Three recent cases illustrate that breast-feeding mothers often face employers and judges who thwart or undermine their attempts to breastfeed their infants, despite the well-documented advantages for infants, mothers and families.

Siri Wright, 35, of Boise, Idaho, faced a contempt of court citation and was threatened with jail earlier this year because she wanted to stay home to breastfeed her child rather than serve on jury duty.

A family court judge in Maine threatened Susan Holmes, a breast-feeding mother, with contempt of court and a jail sentence last September if she did not allow the father equal custody of the child. The court held that her infant son could be required to alternate nights at his mother’s and father’s homes, making the prospect of the mother being able to maintain her supply of milk unlikely.

And Cheryl Perkins, a 29-year-old Minnesota woman, was fired for “insubordination” in June of 1999 after she asked for a place at work to express breast milk for her newborn. Perkins lost her job despite a new state law that requires employers to make “reasonable efforts” to provide a room-other than a toilet stall-where an employee can express her milk in private. After filing a lawsuit, she reached a confidential out-of-court settlement in March with her former employer.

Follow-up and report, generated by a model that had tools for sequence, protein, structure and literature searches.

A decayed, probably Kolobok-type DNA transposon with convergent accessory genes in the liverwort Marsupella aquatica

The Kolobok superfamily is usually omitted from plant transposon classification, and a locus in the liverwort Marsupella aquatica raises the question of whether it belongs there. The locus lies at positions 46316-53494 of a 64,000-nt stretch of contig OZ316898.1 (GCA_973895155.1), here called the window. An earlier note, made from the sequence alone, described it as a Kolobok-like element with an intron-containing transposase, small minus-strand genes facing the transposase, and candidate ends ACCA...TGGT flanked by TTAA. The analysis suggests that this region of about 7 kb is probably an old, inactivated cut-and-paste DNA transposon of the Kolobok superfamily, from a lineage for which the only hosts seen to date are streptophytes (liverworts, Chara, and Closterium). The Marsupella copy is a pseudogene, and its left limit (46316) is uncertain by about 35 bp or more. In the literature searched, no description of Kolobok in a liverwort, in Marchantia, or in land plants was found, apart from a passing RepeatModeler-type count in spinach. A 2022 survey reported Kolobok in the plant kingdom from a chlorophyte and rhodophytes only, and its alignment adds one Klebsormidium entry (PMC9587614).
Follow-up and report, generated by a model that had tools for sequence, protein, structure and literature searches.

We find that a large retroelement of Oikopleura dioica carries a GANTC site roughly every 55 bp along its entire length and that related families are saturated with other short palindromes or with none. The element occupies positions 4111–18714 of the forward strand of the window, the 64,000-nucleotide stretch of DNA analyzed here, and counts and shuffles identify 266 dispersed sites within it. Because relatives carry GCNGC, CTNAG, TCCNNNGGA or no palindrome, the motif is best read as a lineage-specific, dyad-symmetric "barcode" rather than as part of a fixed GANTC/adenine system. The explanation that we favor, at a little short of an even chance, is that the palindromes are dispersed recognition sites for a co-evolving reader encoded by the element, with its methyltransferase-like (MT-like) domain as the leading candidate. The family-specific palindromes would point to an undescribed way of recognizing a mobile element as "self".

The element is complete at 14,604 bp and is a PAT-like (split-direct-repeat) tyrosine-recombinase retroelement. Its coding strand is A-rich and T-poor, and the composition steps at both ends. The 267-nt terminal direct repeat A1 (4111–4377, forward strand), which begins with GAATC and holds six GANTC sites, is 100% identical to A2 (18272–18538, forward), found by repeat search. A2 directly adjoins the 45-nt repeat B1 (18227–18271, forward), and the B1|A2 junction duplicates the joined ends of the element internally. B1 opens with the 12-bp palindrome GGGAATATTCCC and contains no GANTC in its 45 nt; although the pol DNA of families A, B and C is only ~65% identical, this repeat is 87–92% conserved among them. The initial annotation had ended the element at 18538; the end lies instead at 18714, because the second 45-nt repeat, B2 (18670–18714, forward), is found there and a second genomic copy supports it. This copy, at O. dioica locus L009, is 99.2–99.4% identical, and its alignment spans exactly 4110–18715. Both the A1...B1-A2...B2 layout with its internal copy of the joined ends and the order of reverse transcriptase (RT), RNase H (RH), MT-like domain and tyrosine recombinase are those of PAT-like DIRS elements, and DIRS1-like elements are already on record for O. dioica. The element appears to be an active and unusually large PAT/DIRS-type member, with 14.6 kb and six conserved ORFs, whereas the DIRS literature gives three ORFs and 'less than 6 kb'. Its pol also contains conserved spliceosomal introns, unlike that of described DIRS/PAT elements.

For more information, check these web sites:

American Academy of Pediatrics

La Leche League International

American Dietetic Association

Innocenti Declaration On the Protection, Promotion and Support of Breastfeeding

Campaign for Rights in Breastfeeding

The American Academy of Pediatrics Policy On Breastfeeding

Extensive research, especially in recent years, documents diverse and compelling advantages to infants, mothers, families and society from breastfeeding and the use of human milk for infant feeding. These include nutritional, immunological, developmental, psychological, social, economic and environmental benefits.

Human milk is uniquely superior for infant feeding and is species-specific; all substitute feeding options differ markedly from it.

Virtually every public health official in the United States. as well as abroad recognizes the benefits of breastfeeding and urges mothers to nurse their infants at least for the first six months of life. Yet, low rates of breastfeeding remain a public health concern. In 1995, only 60 percent of U.S. women were breastfeeding exclusively or in conjunction with formula at the time of hospital discharge, according to a study reported in the journal Pediatrics in 1997.